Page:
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Burke, ID Fatal Snowslide, Feb 1890

Burke IDAHO circa 1888.jpg

TOO MUCH SNOW.

IT SLIDES DOWN THE MOUNTAINS WITH FATAL RESULTS.

A Spokane Falls dispatch of the 5th says:
The town of Burke, Idaho, in the Coeur d'Alene mining district, has been nearly destroyed by disastrous avalanches. Half of the business houses are in ruins. Three men were killed, and the terror-stricken inhabitants have fled to the tows of Gem and Wallace, fearing a repetition of the disaster. Patriculars are meager, as the wires to all points in the mines have gone down, leaving no means of communication. The disaster occurred yesterday afternoon, and this morning, with scarcely a moment's warning, a tremendous mass of snow and rocks swept down upon the town from the west side of the narrow gulch in which it is situated. Five men were buried beneath the snow. Two were rescued, but the others are dead and their bodies have not yet been recovered. The ill-fated town lies in a narrow gulch through which Canyon Creek pours its water into the south fork of the Coeur d'Alene. It had about 200 inhabitants, who have deserted their wrecked or menaced homes and places of business. The nearest town is Gem, also upon Canyon Creek, and three miles down the stream.
Yesterday another disastrous avalanche swept down upon the boarding house connected with the Custer mine, which is situated upon Nine Mile Creek, about five miles from Burke. The boarding house was full of miners, six of whom were killed. The others had a narrow escape, and a number were more or less injured. The disasters are not a surprise to those familiar with the topography of that section. The towns are situated in very narrow gulches, on either side of which abrupt mountains rise. The snow all this winter has been unprecedented in the history of the country. Within the last few days it has been raining hard, which had the effect of loosening the deep snow banks and precipitating them upon the town and the houses below.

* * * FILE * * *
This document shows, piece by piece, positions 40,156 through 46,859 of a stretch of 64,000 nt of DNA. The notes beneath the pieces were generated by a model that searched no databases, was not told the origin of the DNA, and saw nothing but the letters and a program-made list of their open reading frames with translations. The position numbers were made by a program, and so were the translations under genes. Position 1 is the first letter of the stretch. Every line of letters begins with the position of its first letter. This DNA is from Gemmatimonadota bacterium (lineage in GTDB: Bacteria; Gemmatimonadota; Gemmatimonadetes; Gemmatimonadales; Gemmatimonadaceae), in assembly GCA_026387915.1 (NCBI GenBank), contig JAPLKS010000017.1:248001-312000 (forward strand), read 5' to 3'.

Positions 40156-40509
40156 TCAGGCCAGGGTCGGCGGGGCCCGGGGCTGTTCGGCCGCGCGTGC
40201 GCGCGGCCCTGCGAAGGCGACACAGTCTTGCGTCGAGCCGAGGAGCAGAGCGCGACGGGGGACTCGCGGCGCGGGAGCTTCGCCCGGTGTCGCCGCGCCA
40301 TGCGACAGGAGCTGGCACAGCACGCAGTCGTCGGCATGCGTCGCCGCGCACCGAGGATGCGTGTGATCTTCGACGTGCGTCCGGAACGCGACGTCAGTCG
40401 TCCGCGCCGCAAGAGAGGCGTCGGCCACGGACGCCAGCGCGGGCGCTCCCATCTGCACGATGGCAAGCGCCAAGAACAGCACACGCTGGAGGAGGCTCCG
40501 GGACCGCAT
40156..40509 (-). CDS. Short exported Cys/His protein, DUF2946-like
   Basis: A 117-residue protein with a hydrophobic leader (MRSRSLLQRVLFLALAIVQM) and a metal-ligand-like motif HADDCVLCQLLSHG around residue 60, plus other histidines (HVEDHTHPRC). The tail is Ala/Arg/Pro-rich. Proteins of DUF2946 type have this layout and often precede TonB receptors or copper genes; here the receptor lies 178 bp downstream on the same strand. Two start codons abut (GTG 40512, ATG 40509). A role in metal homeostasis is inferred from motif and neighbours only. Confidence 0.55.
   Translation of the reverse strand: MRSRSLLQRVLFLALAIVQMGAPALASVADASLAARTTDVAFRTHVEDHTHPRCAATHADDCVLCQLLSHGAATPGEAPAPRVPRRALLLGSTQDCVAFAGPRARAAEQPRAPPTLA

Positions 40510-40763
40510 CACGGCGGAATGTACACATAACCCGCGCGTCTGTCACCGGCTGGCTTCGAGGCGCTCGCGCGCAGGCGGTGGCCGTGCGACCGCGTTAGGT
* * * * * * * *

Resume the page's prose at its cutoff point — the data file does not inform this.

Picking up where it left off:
The Coeur d'Alene mining district is one of the richest in the world, both for gold and silver. It includes the famous Bunker Hill and Sullivan Mines, perhaps the greatest fissure vein in America. The principal town is Wallace. The other towns are Wardner, Osborne, Burke and Gem.
Later reports from Burke indicate that no lives have been lost there. MR. and MRS. WISE and JACK WAITE and wife were buried in the snowslide, but all were rescued with slight injury. At Custer mine, however, the disaster was worse than at first reported. Among the dead are JACK GALBRAITH, foreman of the mine; MIKE FLYNN, cook; and TOM MAHONEY, a young miner. Forty men are employed at the mine in two shifts. One shift was below and the other was eating dinner at the time the avalanche came upon the boarding house. Many other avalanches have occurred in the Coeur d'Alene district. The canyons are full of snow, rocks and great trees. The people of that whole section are terror-stricken.

Centralia Enterprise Washington 1890-02-08



article | by Dr. Radut